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Wave of Potential New Voters Has Yet to Materialize

GOP is counting on a surge in registrations in California, where 44% are Democrats and 35% are Republicans; 16% decline to identify party.

September 14, 2003|James Rainey and Allison Hoffman | Times Staff Writers

Republicans and independents are adding more new voters than Democrats heading into the Oct. 7 recall election, but with nine days left to register, a wave of potential new voters envisioned by Arnold Schwarzenegger, Arianna Huffington and some other candidates has not materialized, according to county election officials.

Republicans claim that, in the four months ended Aug. 31, they added about 80,000 new potential voters, compared with 20,000 newly registered Democrats, in a state with a voting population of more than 15 million and a significant Democratic edge.

Election officials in several counties have reported a substantial increase in Republicans among registrants but could not confirm the GOP figure because there has been no statewide tally. Democrats did not supply their own figures, but said they mistrusted the GOP totals.

The Times Poll, meanwhile, found that just 2% of those considered likely to vote Oct. 7 will be casting ballots for the first time. That's a smaller proportion of new voters than the 7% the poll measured about this many weeks in advance of last year's regular gubernatorial election -- and far from the deluge of new voters some had predicted. With the Sept. 22 voter registration deadline approaching and just 24 days remaining until the election, Republican leaders insisted that the registration figures represented an indication of things to come.

"It shows there is an excitement out there, and we are going to have a high turnout for Republicans and independents to make a protest vote," said Bernd Schwieren, director of the Office of Strategic Information Services for the state Assembly Republican Caucus.

Bob Mulholland, director of the state Democratic Party, said Republicans routinely claim they are gaining strength.

"Every election cycle, the Republicans put this out. They say they are doing really well," he said. "And at the end of the day, there will be 1.2 million to 1.4 million more Democrats than Republicans registered to vote."

The secretary of state reported Aug. 8, which was the last official reporting date, that there were nearly 15 million registered voters in California. Of those, about 6.6 million (44%) were Democrats, 5.3 million (35%) were Republicans, and 2.3 million (16%) declined to state a party affiliation.

Political professionals have long held mixed opinions about efforts to engage new voters. Some believe precious time and money are better spent rallying those who vote habitually.

California Democrats and union leaders say they are focusing more of their anti-recall resources on getting their core supporters to vote.

But others say that if the question of recalling Gov. Gray Davis remains close and the battle to replace him tight, new voters could help win the day.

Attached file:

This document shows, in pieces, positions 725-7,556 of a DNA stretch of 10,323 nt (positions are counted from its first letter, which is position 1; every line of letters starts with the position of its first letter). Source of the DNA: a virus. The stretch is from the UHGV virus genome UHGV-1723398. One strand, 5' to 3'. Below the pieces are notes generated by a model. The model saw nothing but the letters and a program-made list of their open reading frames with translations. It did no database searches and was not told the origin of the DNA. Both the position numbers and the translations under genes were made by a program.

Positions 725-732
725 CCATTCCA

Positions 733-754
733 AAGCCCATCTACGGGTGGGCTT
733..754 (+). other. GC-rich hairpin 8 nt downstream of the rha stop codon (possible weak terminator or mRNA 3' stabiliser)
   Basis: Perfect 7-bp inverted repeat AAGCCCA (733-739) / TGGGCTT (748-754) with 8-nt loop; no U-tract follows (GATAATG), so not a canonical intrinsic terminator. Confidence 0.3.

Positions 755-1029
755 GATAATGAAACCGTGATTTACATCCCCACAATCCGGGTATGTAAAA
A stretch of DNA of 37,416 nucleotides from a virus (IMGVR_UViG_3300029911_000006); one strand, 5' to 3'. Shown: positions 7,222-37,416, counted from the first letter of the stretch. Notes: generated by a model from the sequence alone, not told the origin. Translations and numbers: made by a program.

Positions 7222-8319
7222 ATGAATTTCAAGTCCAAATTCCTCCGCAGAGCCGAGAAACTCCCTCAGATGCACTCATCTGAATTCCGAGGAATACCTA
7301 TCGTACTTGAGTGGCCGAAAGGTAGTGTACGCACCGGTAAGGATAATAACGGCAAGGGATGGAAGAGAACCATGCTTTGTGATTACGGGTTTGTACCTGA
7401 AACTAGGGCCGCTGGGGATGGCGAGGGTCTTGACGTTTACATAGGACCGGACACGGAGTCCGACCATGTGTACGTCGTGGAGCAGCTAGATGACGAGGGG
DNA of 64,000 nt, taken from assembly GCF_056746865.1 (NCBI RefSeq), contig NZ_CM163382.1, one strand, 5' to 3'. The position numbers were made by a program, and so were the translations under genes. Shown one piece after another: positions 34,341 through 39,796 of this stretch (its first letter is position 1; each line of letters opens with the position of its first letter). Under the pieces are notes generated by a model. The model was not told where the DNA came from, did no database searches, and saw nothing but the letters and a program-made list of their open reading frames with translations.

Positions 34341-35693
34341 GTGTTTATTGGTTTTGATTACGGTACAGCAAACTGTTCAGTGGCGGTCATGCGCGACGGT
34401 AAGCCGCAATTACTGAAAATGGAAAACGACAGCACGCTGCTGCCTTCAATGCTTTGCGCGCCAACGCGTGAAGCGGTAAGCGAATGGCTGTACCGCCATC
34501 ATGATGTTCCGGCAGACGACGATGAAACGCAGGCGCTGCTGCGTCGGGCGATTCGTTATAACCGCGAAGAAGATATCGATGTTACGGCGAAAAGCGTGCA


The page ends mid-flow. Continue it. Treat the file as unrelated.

The Times' poll released Thursday found likely voters barely favoring the recall, 50% to 47%. Lt. Gov. Cruz Bustamante was ahead in the race to replace Davis, with 30% of the vote, while Schwarzenegger drew the backing of 25% of likely voters. Both gaps were within the poll's margin of sampling error.

"Getting new voters on the rolls is very important and we have done quite a bit in that regard," said Martin R. Wilson, Schwarzenegger's campaign director. "That's a big part of [Schwarzenegger's] message, both in terms of pushing registration for the next week or so and then pushing [voter] participation."

In several counties where Democrats are in the minority, disproportionately few new registrants are signing up as Democrats, election officials said.

Of the 13,800 new registrants in Orange County since Aug. 8, when counties last reported to the secretary of state, 46% were Republicans, 30% were independents and 12% were Democrats, according to the county registrar of voters. Overall, Democrats make up about 32% of Orange County's 1.3 million voters.

In the month ended Sept. 5 in Ventura County, 47% of the 3,432 new registrants were Republicans, 30% were independents or from small parties and 23% were Democrats, who make up about 39% of the county's nearly 400,000 voters.

Of the 4,380 new voters in Fresno County since August, 58% are Republicans, 23% independents or minor party members and just 19% Democrats, even though Democrats compose 41% of 350,000 total voters.

Riverside County has 643,000 voters, about 35% of them Democrats. But in the week ended Thursday, Democrats composed about 21% of 6,738 new registrants, officials said.

In San Bernardino County, with 630,000 registered voters, Democratic registration has actually dropped by 3,000 since October 2002 to 249,000, records show.

In Los Angeles County, where Democrats outnumber Republicans roughly 2 to 1 overall among 4 million voters, Democratic registrants outpaced Republicans in the month ended Sept. 5 by 13,000 to 10,000.

Schwarzenegger and Huffington have made voter registration pitches a routine part of their campaign stump speeches.

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